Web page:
"Without a renewed Church there will be no future for Christianity in our country."

When the report was presented on January 20, Cardinal Marx summoned the media to a press conference for Thursday, January 27, in order to present, after the study of the report in the bishopric, "some first perspectives and to outline the way forward". At the press conference he was shocked by the results of the WSW report, which "represents a before and after for the Church in the archdiocese and beyond", because it shows "the dark side that from now on will be part of the history of our archdiocese"; for many people the Church has become a "place of misfortune instead of a place of salvation, a place of fear and not of consolation". Despite the great commitment shown by priests and other people working in the Church "there has been this dark side that has been coming more and more to light".

The Cardinal described as "completely absurd" to speak of an "abuse of abuses" to oppose a "reform of the Church". This, he added, is what he told the Pope in the letter in which he resigned from the episcopal see -a resignation that Francis did not accept-: "for me, confronting sexual abuse is part of an integral renewal and reform, as the synodal path has assumed. Without a renewed Church there will be no future for Christianity in our country".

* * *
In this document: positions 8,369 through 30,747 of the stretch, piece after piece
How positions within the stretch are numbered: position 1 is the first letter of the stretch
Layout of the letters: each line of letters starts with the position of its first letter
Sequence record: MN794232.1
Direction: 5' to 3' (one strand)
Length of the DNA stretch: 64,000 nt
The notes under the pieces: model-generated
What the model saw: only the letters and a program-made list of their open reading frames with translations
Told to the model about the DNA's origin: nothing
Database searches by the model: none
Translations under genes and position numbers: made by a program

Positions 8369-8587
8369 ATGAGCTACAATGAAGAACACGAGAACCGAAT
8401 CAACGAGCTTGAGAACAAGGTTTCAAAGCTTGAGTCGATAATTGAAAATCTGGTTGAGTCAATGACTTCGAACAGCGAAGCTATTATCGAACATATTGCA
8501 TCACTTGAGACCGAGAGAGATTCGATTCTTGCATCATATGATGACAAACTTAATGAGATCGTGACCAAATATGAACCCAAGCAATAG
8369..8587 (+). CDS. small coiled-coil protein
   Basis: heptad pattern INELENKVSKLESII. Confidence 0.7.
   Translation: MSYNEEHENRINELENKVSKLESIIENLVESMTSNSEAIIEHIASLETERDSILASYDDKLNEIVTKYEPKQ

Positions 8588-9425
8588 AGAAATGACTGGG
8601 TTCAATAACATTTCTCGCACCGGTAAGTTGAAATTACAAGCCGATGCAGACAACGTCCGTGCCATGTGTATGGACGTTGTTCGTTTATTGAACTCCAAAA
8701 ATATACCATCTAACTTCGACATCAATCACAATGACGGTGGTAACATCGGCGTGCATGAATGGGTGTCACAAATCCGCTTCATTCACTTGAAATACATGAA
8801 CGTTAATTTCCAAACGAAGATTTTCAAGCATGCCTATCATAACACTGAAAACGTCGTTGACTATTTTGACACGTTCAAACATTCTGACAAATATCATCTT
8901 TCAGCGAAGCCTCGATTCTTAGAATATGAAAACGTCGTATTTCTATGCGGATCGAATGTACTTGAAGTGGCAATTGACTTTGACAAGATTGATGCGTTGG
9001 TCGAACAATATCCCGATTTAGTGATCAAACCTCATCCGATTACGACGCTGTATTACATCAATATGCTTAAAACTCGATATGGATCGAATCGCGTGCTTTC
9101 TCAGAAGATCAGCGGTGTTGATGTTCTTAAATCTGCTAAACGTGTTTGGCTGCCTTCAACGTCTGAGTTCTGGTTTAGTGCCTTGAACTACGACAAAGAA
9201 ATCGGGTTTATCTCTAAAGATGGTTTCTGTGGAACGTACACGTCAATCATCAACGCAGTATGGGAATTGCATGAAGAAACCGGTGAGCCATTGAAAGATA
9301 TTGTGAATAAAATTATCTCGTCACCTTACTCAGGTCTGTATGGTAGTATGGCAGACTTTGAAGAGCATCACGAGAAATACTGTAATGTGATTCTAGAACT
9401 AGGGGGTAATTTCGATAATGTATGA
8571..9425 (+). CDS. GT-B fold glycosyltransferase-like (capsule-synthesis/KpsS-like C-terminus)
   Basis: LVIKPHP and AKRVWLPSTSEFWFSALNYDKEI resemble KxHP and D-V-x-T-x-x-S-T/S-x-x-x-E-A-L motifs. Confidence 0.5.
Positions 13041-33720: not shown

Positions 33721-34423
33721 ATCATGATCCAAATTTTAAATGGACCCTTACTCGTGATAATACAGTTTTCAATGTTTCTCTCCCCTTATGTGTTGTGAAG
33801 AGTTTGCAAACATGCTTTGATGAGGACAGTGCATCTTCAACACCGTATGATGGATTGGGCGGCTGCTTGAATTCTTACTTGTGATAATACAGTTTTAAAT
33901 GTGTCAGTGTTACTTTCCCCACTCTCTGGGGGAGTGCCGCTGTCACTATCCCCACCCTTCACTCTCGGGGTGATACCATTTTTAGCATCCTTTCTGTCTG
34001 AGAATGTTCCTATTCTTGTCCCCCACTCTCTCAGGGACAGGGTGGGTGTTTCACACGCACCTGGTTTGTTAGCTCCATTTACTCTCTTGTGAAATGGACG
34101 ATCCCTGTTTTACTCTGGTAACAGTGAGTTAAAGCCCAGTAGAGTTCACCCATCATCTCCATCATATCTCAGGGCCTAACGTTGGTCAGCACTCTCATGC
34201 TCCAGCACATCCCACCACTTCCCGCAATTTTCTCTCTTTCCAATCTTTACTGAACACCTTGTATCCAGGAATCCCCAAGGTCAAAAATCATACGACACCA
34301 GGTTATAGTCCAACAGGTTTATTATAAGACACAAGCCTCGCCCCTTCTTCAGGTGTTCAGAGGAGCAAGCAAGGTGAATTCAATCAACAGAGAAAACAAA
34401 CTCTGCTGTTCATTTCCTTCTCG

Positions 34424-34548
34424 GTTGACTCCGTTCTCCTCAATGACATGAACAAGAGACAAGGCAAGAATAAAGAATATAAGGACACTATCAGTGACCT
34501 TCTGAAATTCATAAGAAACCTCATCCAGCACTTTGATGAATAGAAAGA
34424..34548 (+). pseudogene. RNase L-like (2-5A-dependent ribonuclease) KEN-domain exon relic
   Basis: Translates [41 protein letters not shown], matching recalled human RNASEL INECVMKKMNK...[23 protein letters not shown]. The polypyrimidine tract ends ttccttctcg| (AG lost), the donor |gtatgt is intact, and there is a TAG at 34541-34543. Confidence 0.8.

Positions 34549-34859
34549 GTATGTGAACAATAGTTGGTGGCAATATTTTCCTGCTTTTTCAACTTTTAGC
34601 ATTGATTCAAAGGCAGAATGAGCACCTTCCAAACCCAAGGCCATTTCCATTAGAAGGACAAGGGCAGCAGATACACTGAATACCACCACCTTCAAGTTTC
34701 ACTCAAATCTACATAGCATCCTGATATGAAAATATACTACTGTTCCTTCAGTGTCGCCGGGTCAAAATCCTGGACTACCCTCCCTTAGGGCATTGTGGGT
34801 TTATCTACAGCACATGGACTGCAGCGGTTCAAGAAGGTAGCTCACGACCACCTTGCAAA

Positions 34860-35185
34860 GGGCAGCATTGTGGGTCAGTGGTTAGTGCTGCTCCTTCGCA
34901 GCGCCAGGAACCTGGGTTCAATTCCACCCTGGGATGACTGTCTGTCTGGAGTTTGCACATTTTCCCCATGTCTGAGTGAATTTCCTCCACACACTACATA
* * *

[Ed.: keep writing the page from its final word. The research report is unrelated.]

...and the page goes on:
The "greatest fault" consisted in having "ignored the people affected", which is unforgivable. "We had no real interest in what had happened to them, in their suffering." According to Marx, "this also has systemic reasons", namely the clericalism of which Pope Francis also speaks; it is therefore of particular relevance to have set up last year an advisory board of those affected and an independent commission to confront the past, "which have already provided us with essential impulses from their perspective".

Resignation from office?

He also referred to the resignation presented to the Pope in May 2021: "Personally, I say it again clearly; as archbishop - according to my moral conviction and as I understand the office - I am responsible for the performance of the archbishopric. I am not attached to my office. The offer to resign last year was serious; the Pope made another decision and asked me to continue my ministry responsibly. I am willing to continue to exercise it, if it is a help for the next steps; but if I come to the opinion that I am more of an obstacle than a help, I would speak to the consultative bodies and have them question me critically. In a synodal Church I will no longer make that decision on my own".